New Jersey Sports Betting Brief Asks Supreme Court to Repeal PASPA
New Jersey state attorneys are appealing to the United States Supreme Court that the Professional and Amateur Sports Protection Act of 1992 (PASPA) be repealed on grounds that the federal law is in violation of the country’s constitution.
In its first legal brief to the high court, New Jersey legal officials say the longstanding act should be struck down because it forces states to wrongly enforce regulations and override laws supported by voters.
Garden State citizens approved a sports betting referendum in 2011. A year later, Governor Chris Christie (R) signed a sports gambling bill into law, but the NCAA, NFL, MLB, NBA, and NHL sued the state and effectively stopped such liberalization.
Federal courts have repeatedly sided with the sporting organizations. The US Supreme Court will hear the case this fall, and is expected to issue a verdict sometime in early 2018.
“The statute obviously and directly prevents New Jersey officials from being responsive to the local electorate’s preferences, because it compels them to maintain in force state-law prohibitions that New Jersey citizens, directly and through a super-majority of their elected representatives repeatedly have expressed their desire to withdraw,” Olson opined.
Can’t Have It Both Ways
Olson believes the US government is violating its founding document by dictating different laws from one state to the next. When PASPA was passed, it provided exemptions for Nevada, Delaware, Oregon, and Montana, though today only the Silver State takes full advantage of the privilege and offers single-game betting.
“To meet Congress’s objective of forestalling further legalization of sports wagering, PASPA directs states to maintain in effect their state-law prohibitions on the activity,” Olson wrote. “Our constitutional structure does not permit Congress to regulate interstate commerce in that manner. Under our Constitution, if Congress wishes for sports wagering to be illegal, it must make the activity unlawful itself. It cannot compel states to do so.”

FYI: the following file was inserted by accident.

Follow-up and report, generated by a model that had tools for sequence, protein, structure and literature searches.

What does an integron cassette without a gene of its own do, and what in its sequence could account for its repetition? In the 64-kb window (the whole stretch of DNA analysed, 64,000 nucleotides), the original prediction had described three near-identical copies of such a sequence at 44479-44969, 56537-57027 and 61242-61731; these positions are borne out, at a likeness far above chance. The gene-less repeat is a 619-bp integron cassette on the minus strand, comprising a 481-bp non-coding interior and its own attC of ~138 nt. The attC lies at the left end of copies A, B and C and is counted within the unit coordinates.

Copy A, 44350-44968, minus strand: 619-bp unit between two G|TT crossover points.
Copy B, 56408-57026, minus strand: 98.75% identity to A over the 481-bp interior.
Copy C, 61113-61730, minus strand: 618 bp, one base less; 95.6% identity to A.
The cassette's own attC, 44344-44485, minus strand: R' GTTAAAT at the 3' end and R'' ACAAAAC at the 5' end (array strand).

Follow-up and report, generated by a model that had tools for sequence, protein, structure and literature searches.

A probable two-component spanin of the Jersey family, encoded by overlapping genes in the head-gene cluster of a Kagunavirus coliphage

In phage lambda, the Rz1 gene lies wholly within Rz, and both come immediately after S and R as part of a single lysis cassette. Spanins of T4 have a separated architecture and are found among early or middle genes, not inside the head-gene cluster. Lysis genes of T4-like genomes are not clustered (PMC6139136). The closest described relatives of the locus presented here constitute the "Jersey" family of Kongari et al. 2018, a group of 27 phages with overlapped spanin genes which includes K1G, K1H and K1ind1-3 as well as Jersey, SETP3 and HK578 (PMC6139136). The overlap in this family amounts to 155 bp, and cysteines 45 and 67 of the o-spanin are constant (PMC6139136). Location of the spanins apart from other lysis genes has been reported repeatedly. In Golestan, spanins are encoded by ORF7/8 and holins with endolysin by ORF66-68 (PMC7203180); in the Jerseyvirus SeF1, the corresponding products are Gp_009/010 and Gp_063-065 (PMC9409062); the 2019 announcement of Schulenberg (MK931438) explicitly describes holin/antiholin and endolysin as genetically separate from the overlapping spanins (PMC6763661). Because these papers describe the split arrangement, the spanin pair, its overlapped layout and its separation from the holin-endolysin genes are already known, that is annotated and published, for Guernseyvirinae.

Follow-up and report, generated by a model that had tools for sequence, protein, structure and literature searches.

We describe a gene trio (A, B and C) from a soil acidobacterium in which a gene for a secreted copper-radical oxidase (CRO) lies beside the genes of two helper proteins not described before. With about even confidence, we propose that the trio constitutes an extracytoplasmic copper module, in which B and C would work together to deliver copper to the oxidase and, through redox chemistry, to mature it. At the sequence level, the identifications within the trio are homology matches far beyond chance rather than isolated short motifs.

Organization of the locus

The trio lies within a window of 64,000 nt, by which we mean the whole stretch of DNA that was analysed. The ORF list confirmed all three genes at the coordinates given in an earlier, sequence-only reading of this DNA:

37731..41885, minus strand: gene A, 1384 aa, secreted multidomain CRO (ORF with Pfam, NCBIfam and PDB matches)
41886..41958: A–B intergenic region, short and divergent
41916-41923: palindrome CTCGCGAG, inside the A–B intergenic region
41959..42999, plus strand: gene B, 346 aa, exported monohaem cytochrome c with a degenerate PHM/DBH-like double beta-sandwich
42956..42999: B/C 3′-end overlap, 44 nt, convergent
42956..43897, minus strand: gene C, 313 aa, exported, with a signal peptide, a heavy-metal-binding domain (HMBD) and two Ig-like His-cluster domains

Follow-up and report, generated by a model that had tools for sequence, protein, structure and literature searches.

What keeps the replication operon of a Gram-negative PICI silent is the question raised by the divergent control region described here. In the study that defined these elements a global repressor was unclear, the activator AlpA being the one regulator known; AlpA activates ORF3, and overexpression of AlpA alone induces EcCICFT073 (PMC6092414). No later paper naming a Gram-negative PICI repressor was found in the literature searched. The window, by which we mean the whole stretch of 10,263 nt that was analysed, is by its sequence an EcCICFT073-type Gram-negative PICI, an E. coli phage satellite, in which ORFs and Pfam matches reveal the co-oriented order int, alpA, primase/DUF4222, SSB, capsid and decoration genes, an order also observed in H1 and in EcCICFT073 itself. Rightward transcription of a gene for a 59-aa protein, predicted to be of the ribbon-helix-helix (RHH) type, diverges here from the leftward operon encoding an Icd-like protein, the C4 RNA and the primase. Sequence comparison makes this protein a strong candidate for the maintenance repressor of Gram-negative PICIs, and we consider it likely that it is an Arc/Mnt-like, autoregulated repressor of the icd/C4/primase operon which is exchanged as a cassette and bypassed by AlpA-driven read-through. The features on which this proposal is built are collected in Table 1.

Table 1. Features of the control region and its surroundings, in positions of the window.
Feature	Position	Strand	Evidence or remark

New Jersey’s entire case boils down to whether federal law that allows one state to offer sports betting but prevents others can override a state that wishes to participate from doing so.
Legal experts aren’t too confident on where the high court will come down. “I would not put money on anything, even if I legally could,” law professor Marc Edelman said recently.
But Daniel Wallach, a leading sports attorney, believes some sort of change is coming. He tells the Associated Press that he feels New Jersey will be end up the victor.
It’s estimated that $150 billion is bet on sports illegally each year in the United States. New Jersey horse racetracks say being able to capitalize off that largely untapped market is vital to their future.
In addition to Atlantic City casinos, should PASPA be repealed and New Jersey win the right to legalize sports betting, the state’s three racetracks, Monmouth Park, Freehold Raceway, and Meadowlands Racetrack, would be expected to start taking wagers on professional and amateur sporting events. Monmouth Park has already built a sportsbook.
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